The brain activity related to dreaming is important for babies' development. Babies brains develop in part because of brain activity in response to stimulation. While babies are awake, they get stimulation from what they see, hear, feel, and taste. While they are asleep and dreaming, babies' brains are active, allowing for brain development to continue even when babies can't stay awake for very long. As babies get older and are able to stay awake for longer periods of time, they spend less time dreaming. During quiet sleep, babies move very little and they are harder to wake.

How Can Parents Help Their Newborns Sleep Longer?
Newborns spend a great deal of time in a lighter state of sleep, waking relatively easily. This is important for babies development and makes the baby likely to wake to feed, to stay warm, and to move as needed. Newborns are not much influenced by light and dark cycles and need to feed frequently. All this means that newborns are going to wake up...a lot...and there isn't much that parents can do about it. But, there are a few things that can make this exhausting time just a bit easier.

  • Swaddling can help newborns sleep a little longer because they are less likely to wake themselves up

  • Breastfeeding mothers should avoid caffeine because newborns take much longer to process caffeine than adults do

  • Holding newborns who have fallen asleep until after their bodies and eyes stop moving will help babies stay asleep when they are put down. Babies in quiet sleep are much less likely to wake easily

  • Parents should pay attention to their newborns' noises to learn when they are still asleep and just making noises versus when they are waking up for feeding or other care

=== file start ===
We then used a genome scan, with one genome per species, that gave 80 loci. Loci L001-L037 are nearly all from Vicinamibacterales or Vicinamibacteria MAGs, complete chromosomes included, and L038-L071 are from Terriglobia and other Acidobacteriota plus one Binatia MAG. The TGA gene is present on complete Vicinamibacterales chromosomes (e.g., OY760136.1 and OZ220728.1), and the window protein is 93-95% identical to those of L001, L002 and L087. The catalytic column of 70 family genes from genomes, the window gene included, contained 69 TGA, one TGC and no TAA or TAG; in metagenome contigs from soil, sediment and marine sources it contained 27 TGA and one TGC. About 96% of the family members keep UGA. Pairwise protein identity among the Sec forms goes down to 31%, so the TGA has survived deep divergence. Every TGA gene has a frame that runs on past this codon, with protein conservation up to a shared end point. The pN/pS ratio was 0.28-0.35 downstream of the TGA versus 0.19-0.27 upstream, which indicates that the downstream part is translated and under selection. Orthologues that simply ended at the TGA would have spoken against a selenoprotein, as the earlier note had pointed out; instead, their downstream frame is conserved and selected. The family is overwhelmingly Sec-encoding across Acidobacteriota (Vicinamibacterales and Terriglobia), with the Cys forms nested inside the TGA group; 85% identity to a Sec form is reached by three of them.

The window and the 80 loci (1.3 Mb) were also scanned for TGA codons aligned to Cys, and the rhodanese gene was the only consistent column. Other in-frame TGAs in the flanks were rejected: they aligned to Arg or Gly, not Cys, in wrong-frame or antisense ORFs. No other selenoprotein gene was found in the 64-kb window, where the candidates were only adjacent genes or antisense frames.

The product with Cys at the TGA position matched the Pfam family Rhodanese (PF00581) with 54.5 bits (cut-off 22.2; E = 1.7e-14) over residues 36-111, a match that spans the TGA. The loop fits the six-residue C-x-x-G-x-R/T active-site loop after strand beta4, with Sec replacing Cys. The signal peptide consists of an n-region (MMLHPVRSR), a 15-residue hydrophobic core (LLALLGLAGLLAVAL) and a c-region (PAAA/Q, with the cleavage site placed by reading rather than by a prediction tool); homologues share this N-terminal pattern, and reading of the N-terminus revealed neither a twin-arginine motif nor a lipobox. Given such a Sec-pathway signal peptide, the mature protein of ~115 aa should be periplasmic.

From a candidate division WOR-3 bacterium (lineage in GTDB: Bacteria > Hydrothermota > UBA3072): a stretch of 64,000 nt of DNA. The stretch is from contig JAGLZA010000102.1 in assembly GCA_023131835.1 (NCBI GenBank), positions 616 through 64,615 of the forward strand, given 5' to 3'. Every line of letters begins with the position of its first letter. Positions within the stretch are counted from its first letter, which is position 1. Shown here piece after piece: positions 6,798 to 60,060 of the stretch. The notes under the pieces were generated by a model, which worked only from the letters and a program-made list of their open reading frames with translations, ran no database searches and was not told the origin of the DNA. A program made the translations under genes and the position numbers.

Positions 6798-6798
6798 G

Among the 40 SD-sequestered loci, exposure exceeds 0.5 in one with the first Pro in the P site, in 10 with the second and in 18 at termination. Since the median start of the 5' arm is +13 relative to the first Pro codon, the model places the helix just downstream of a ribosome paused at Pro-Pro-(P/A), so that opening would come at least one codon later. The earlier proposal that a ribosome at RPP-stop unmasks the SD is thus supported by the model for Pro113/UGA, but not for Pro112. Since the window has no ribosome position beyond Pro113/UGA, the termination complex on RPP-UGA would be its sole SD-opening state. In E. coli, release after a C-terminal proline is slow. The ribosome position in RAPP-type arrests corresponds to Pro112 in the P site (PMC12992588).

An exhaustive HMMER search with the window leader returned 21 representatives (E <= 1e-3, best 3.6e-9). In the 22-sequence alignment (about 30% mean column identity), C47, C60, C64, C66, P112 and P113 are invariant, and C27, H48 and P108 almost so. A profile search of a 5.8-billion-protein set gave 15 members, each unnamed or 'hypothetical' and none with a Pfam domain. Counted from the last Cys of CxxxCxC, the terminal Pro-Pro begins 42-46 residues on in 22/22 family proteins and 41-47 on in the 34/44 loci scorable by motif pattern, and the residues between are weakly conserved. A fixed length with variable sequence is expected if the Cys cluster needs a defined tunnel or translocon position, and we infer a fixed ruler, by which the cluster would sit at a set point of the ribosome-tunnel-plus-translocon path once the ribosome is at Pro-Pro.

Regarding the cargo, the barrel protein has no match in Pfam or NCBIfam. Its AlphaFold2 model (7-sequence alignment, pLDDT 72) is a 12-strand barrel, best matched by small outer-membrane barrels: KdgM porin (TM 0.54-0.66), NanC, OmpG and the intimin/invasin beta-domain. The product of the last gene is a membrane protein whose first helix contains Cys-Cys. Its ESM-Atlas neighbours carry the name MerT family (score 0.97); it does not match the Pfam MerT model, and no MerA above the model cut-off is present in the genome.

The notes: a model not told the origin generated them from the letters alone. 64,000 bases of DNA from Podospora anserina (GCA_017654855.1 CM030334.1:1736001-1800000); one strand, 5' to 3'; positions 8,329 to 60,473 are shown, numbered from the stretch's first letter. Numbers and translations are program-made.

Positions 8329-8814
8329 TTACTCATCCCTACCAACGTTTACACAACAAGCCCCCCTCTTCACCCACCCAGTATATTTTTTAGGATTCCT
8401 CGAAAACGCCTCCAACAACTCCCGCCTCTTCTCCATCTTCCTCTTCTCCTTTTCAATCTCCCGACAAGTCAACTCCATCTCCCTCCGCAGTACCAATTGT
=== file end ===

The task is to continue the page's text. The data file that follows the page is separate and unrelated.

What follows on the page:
Even using all of these tips, parents of newborns will find that their babies will wake frequently. The very best preparation is to arrange to get some help from family and friends to get you through this tough time. Fortunately, things change quickly and more sleep is just around the corner.


Next Time: Big Changes in Sleep Patterns (6 to 16 weeks)

4 comments:

  1. The four tips you conclude with worked for us.

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  2. Swaddling is NOT good for babies! Very good research (See Nils Bergman and James McKenna) shows that babies need to be skin to skin with their mothers.If they are swaddled they can become overheated and fail to rouse upon hunger cues. When they are swaddled they get too hot and have to use extra energy to cool down..energy that is taken away from controlling their respiration, heart rate, blood sugar levels and if they are busy doing this they are too busy to recognise hunger cues!!! This is a huge issue considering that babies take in 30% of their calories during the night.This can also cause a baby to be too sleepy to feed or conversely so ravenously hungry that they are hysterical and cannot be calmed enough to take the breast...which can result in breastfeeding issues.

    Research also shows that when mothers sleep skin to skin with their infants and are breastfeeding, they get on average 40-60 minutes more of sleep per night.

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  3. Hello Helen, I can tell you have some strong feelings about this topic. I understand your concerns and you've made some good points, particularly if you were referring to the early postpartum. I am familiar with most of the research that you refer to but I think you might have overgeneralized a bit. This post was referring to the first 6 weeks, not only the very early postpartum.

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  4. Your text helped me a lot...thanks

    ReplyDelete